Archive for the ‘Charity’ Category
Molly has taken to her official Twitter account to help encourage people to give charitably this holiday season. One cause important Molly is the Friends of El Faro. Here’s what Molly had to say:
For you not familiar with the work Friends of El Faro does or what the organization is, take a look: The organization was established in 2000 by Adam Smith and his wife Leigh Kilton-Smith. Their mission is to help improve the lives of the children of Casa Hogar Sion in anyway possible. Long term, our goal is to purchase land and build them a new home. In the mean time there are hungry children to feed, to shelter, keep safe and send to school.
Celebrity designers drew on childhood holiday memories and new family traditions to create Christmas tree ornaments with a heart. The ornaments will be sold through HSN, which previously had raised $3 million through various projects for St. Jude Children’s Research Hospital, based in Memphis, Tenn. CEO Mindy Grossman says that the shopping channel’s customers are hungry to do more good. “Our customers want to be inspired,” she says.
This new project donates 100 per cent of the profits (a minimum of 30 per cent of the sales price) to the hospital, and it taps into HSN’s network of designers, experts and personalities, including Sarah Jessica Parker, Iman, Martha Stewart, Padma Lakshmi, Molly Sims and Marlo Thomas, St. Jude national outreach director. There are 75 ornaments in all.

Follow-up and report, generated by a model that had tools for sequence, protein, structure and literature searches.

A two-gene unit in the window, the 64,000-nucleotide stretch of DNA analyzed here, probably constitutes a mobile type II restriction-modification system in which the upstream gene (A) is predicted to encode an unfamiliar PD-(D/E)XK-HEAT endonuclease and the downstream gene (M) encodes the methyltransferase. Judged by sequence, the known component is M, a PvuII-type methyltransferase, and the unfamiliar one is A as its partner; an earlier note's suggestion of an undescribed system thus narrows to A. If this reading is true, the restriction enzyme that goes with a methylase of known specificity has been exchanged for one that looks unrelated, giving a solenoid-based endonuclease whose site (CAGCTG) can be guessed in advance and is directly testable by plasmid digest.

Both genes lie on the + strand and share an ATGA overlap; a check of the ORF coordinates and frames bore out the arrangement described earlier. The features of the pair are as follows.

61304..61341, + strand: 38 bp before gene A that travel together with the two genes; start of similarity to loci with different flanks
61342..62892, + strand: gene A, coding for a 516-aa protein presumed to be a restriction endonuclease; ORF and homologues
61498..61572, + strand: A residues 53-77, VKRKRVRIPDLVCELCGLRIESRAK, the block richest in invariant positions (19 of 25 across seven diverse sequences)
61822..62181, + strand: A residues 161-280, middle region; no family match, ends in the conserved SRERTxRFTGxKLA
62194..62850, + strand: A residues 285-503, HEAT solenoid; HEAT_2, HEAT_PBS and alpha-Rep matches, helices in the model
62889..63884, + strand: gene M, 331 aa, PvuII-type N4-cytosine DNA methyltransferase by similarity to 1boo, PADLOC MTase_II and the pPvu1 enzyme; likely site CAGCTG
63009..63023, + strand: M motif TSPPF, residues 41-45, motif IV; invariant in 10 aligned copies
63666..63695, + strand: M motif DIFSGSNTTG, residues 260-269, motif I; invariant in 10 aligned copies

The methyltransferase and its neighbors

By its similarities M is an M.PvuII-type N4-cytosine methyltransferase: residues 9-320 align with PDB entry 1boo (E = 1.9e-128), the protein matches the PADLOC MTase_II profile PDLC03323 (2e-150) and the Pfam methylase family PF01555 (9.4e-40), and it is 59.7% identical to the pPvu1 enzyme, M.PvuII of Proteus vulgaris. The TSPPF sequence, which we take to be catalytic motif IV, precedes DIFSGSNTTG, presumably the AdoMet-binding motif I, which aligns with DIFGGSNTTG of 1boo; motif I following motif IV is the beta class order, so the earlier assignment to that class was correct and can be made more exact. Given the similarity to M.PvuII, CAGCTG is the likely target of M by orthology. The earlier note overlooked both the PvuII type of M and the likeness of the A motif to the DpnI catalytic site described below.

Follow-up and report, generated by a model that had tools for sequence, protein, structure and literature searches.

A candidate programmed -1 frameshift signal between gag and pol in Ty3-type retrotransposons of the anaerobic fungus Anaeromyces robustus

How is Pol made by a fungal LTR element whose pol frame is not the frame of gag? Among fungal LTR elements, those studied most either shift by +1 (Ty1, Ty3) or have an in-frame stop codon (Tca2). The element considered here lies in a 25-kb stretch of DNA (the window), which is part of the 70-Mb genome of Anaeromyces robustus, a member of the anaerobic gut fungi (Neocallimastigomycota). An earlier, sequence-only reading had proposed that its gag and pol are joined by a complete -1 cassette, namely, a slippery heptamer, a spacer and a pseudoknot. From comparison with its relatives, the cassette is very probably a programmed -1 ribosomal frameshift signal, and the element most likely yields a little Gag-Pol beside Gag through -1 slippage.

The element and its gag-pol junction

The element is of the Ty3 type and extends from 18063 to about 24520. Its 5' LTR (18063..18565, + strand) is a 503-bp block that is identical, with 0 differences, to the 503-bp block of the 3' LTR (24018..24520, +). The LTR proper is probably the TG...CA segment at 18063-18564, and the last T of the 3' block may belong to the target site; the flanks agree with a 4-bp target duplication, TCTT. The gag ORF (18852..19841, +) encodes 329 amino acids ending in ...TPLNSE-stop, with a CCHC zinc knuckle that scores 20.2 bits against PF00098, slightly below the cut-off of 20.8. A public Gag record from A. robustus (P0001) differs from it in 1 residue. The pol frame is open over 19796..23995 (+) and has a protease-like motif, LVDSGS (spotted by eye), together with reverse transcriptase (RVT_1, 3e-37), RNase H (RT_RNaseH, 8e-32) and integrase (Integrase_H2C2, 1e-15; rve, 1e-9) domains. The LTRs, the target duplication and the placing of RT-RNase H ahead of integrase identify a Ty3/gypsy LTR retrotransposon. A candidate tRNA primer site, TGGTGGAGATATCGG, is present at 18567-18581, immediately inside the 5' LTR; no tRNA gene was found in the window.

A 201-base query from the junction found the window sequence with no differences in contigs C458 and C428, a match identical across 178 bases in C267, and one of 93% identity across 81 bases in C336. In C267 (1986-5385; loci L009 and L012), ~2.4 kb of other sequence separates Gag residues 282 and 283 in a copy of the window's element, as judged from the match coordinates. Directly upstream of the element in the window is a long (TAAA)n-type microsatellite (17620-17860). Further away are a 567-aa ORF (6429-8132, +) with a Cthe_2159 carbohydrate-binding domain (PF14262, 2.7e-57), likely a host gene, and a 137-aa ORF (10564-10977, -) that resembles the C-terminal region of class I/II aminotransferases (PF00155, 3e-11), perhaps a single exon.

Model, actress and jewelry designer Molly Sims made a gold ball covered in coloured crystals and pearlized stones with a gold tassel. “I’ve gotten a new ornament every one of my 37 years,” says Sims. “This will hang on my tree. I’m a big Christmas fan. I’ll do different themes — coloured balls, white ones, things I’ve had since I was a kid.”
Her mother will still display the paper-mache ones Sims made as a child. One of the ornaments she took from the family home in Tennessee featured Barbie. She’ll hang that alongside this St. Jude ornament that Sims based on one of the necklaces in her Grayce collection. “Sometimes I have a fancy tree, sometimes I don’t. But this year will be a fancy tree.”